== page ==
[Interview] Arik Levy Bridges Artwork and Technology with Gear S3 Watch Faces and Bands

on September 3, 2016
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Samsung Gear S3 is a device that boasts a “real watch” aesthetic that honors traditional craftsmanship, but also allows for nearly limitless customization to more closely complement users’ individual styles. To enhance the user experience even further, Samsung partnered with renowned industrial artist and designer Arik Levy to develop unique watch face and band designs for the latest addition to the Gear S collection.


Although best known for his sculptures, Paris-based Levy, is a technician, photographer, designer and filmmaker. Despite his diverse background, the artist’s collaboration with Samsung was his first experience designing for a smartwatch. The project wasn’t without its challenges, but it excited Levy nonetheless.




“Artwork represents freedom of the mind, vision, future… the ability to do things we’ve never done before; technology is what helps us realize that dream,” Levy noted in an interview ahead of the Gear S3 Launch Event. “So when this project came along, I thought it was a great opportunity to bridge artwork and technology.”


Levy believes that the Gear S3 is a device that goes beyond a watch. One that, thanks to the innovations of Samsung, lets users do more, like listen to music and track their location. But Levy desired to take the product to a new place by creating four unique watch faces and bands that stayed true to his design philosophy. As such, he aimed not to create just another graphic, but instead to produce something entirely new.


“I wanted to change the band and give it a different aesthetic to complement not only my work but also the remarkable features of the Gear S3,” Levy said.


The artist accomplished this by injecting into his designs what Levy refers to as “generative evolution”—an element that enables something to be new and unique every time one interacts with it.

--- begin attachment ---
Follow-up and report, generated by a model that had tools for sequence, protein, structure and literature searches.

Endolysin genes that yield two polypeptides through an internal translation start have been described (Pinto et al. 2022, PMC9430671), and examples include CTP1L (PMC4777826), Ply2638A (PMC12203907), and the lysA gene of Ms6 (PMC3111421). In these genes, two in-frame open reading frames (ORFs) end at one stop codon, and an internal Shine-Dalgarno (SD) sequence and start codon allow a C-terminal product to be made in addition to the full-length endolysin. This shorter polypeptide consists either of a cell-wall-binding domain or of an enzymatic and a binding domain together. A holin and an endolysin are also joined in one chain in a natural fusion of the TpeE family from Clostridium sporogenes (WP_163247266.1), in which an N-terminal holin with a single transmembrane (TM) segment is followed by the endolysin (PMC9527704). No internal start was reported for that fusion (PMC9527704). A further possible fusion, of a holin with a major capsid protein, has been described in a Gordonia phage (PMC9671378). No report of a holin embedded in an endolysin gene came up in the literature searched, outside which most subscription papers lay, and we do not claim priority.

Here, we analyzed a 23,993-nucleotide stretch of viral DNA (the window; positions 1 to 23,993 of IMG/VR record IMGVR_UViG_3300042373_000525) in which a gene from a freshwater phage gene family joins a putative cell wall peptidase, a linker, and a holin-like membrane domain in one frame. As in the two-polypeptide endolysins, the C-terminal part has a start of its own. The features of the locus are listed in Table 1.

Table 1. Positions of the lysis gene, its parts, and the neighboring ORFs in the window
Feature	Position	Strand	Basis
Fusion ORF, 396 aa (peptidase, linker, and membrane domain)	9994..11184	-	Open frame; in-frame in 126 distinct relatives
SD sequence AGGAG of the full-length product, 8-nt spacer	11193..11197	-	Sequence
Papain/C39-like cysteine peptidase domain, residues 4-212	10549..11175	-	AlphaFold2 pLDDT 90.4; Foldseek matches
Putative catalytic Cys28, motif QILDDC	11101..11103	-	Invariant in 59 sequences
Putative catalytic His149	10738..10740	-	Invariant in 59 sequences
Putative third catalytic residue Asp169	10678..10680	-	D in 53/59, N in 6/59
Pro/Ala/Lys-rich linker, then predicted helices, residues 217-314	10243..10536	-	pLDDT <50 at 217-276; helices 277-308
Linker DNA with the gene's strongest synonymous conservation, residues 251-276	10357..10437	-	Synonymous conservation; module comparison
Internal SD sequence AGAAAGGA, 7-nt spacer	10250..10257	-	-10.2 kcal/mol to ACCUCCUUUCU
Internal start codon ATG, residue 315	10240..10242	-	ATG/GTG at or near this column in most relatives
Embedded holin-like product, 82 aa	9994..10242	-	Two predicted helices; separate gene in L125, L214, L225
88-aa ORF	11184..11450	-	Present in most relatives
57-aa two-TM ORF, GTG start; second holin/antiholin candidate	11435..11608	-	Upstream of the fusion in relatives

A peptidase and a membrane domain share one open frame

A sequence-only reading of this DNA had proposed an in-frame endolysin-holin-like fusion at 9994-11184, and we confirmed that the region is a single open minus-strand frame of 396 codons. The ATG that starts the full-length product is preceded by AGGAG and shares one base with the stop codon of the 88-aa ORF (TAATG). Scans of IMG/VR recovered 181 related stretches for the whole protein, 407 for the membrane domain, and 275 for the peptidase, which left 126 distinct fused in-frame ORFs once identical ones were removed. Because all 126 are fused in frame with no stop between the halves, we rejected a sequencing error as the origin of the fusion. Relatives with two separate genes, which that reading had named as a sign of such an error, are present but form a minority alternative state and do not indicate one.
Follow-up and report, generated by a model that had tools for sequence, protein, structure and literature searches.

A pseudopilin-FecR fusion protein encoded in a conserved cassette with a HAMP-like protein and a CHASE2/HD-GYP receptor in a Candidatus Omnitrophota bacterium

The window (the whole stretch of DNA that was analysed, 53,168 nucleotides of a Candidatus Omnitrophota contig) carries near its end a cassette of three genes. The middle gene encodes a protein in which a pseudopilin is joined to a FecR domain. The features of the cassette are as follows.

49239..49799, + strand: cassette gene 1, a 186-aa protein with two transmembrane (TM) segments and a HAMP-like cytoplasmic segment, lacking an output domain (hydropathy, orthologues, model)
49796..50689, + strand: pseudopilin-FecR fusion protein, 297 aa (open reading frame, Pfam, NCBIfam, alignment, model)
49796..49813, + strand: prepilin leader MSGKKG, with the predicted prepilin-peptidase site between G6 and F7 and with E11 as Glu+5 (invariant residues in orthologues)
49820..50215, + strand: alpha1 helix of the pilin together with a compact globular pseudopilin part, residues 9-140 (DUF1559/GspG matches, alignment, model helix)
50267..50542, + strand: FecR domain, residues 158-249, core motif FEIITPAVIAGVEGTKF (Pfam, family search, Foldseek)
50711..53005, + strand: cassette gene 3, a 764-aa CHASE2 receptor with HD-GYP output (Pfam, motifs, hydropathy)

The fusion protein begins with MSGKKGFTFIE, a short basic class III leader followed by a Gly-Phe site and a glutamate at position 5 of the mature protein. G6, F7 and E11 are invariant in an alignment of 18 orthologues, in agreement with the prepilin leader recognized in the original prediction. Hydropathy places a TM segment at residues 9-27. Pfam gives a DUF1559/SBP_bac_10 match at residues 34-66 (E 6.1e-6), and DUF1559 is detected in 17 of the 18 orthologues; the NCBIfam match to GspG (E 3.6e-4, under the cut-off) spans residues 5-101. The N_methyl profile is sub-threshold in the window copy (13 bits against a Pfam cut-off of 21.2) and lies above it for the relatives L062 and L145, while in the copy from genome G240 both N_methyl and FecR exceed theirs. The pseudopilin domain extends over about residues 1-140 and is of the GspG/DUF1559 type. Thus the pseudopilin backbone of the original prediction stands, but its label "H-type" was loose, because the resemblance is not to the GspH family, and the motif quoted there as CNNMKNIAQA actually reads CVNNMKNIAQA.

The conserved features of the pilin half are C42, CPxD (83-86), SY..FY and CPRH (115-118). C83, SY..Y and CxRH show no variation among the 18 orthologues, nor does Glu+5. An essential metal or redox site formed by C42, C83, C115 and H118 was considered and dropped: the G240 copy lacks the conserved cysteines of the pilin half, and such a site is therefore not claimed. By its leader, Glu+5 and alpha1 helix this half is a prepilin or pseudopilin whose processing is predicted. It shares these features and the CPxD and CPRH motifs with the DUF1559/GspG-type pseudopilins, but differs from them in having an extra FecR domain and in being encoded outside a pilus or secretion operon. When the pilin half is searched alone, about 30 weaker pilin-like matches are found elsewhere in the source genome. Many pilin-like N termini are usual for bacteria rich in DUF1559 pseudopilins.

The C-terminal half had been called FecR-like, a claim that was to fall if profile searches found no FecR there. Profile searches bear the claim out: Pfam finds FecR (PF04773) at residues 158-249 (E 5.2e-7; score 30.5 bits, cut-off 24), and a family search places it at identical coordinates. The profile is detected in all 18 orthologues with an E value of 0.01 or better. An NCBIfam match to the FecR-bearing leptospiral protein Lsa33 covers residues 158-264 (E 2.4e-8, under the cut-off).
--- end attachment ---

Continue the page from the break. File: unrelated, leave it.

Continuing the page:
Drawing on inspiration from four of the major artwork typologies he practices, he was able to convey in each design a sense of life experience. “Eclipse,” for example, was inspired by Levy’s “Iris Black Hole” paintings and exemplifies the depth of human beings, while “Vortex,” a take on the “Rock Growth” series illustrates the development each individual experiences. “Facets” embodies the essence of his “Rock” sculptures and questions the validity of perception.




Levy’s watch faces in particular distinctly incorporate generative evolution. “Fractal,” which was inspired by his light series of the same name, demonstrates the concept of an object that has no beginning or end. This is exemplified through animated effects that create a constantly changing depth, energy and speed to mimic the rhythm of our lives. Users can adjust the speed of which the figures move across the display based on how they want to encounter the effect. In this way, each user can experience Levy’s designs differently.




The Gear S3’s customizability, Levy explains, sets it apart from other devices. “This is the first time that this sort of product adapts to who we are,” he noted. “You can see it from across the room and know instantly that it’s a Gear S3.”


Being able to add his unique touch to the Gear S3, Levy explained, was one of the best things about collaborating with Samsung. “The artwork draws the attention to micronic details that make the fundamental differences in everyday life,” he said. “To give people the chance to play with that—I think it’s a revolution.”

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